I suspect you already know that. I’m sure there are a number of you reading that are nodding your heads and saying, “Been there, done that, don’t want a repeat.”
My aunt was just diagnosed with a very rare form of Lymphoma. She’s in the 1%, but somehow it is not the right 1%.
It’s scary and ominous, and disheartening. It makes me say, “but why?”
I know. I already answered my question. “Why not?”
Cancer is no respecter of persons. I just wish it wasn’t my aunt. I’m sure you understand. This is her second go-round with the ugly stuff – first time was breast cancer and she beat it. Now it’s back for round two and it’s wearing a different mask. It’s still a bad guy, but a different one, maybe worse.
I don’t even have the right color ribbon to wear for this one. I know it’s not pink.
She was diagnosed today and begins chemotherapy tomorrow. Friday. It’s fast, all too fast. She just had a cold that wouldn’t go away, some random itching, and then she began swelling. How can a person who was fine six or seven months ago be starting chemo tomorrow?
Boast not thyself of tomorrow; for thou knowest not what a day may bring forth. Proverbs 27:1
Sometimes life changes in an instant. Other times, change is slow and steady and you can hardly see it happening. Either way, there is hope. Hope for my aunt and the battle ahead – hope for healing, hope for victory, hope for a miracle.
There’s hope for you too. Thankfully there’s enough to go around, so don’t be stingy with your hope. Pass it on. Share it. Sprinkle it on those around you. Gift it this holiday season.
Be the place where hope lives.
Hope that despite the dark patches, the future is bright.
Hope that there is healing on the other side of pain.
Hope that joy comes in the morning.
Hope that tears only last for a time.
Hope that there is victory to be had.
Hope that you will be able to love again.
Hope that broken hearts will be made whole.
Hope that the sun will come out tomorrow.
Hope that you will get through your present trial.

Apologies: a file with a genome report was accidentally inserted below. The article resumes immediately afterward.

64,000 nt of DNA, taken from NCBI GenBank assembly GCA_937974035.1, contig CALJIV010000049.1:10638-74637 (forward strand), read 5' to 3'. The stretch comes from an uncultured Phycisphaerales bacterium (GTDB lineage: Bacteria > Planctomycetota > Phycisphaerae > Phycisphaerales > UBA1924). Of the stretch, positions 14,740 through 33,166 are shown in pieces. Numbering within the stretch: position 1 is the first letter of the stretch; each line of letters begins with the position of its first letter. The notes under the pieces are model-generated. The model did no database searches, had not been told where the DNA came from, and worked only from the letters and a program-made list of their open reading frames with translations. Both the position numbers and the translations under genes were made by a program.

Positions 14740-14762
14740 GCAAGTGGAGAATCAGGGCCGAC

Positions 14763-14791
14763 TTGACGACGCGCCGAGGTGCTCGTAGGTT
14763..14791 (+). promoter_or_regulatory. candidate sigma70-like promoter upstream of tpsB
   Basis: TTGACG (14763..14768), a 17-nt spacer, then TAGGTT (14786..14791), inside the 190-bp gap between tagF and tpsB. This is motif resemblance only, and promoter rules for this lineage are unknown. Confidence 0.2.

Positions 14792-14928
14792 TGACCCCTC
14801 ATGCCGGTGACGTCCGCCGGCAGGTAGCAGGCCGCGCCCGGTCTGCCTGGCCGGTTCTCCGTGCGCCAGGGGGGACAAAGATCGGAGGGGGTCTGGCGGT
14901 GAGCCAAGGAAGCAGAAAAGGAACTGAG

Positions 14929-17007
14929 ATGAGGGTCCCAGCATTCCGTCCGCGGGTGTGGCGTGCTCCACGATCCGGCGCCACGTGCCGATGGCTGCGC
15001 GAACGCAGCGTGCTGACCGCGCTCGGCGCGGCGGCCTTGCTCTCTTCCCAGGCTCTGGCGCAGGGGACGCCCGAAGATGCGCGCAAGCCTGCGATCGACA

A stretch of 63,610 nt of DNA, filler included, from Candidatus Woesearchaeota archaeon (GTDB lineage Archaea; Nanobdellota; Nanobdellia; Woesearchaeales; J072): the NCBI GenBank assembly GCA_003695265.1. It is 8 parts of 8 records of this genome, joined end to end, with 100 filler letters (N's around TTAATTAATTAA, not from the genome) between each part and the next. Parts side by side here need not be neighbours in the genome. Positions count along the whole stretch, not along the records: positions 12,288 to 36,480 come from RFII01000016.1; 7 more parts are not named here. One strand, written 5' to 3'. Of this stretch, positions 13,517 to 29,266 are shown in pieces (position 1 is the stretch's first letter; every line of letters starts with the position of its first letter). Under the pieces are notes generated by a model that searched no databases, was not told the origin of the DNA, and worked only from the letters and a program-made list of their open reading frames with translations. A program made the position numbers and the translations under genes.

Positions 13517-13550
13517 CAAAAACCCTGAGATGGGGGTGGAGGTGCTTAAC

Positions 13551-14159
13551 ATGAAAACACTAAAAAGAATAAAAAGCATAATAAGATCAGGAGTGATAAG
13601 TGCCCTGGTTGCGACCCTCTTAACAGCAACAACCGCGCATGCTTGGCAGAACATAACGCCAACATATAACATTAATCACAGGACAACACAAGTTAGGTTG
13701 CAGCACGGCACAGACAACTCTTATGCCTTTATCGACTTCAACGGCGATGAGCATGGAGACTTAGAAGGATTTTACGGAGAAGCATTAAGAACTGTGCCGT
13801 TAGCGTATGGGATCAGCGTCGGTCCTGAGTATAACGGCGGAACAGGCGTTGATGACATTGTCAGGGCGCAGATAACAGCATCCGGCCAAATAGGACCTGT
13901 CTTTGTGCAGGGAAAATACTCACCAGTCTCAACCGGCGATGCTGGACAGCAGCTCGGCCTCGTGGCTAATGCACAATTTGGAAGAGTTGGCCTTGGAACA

Hope that what you do today will make a difference tomorrow.
Hope that your labor is not in vain.
Hope that your little light will shine for eternity.
Hope that people can change.
Hope that your finances will recover.
Hope that God does what He says He will do.
Hope that your faith is not blind.
Hope that life truly does go on.
For whatsoever things were written aforetime were written for our learning, that we through patience and comfort of the scriptures might have hope. – Romans 15:4
Today, I am choosing to hope and pray and love and encourage and fight alongside.
Cancer sucks and it steals a lot of good things from far too many people, but it’s just a diagnosis. It’s just a word doctors use to explain what’s going on in people’s bodies. Each of us are all so much more than our diagnosis, even if the diagnosis is cancer.
We are sons and daughters of the one true God.
We are loved with an everlasting love.
We are victors.
We have God on our side.
We are more than conquerors.
We are forgiven, renewed, transformed.
We are joint heirs with Christ.
We are adopted.
We are of great worth and we’ve been purchased at a high price.
We are His workmanship.
We are cared for.
We are members of the body of Christ.
We are free from sin.
We are made righteous.
We have unique gifts and talents.
We are alive in Christ.
We can do all things.
We are more than our diagnosis.
Please join me in saying a prayer for Aunt Pat today. Thank you.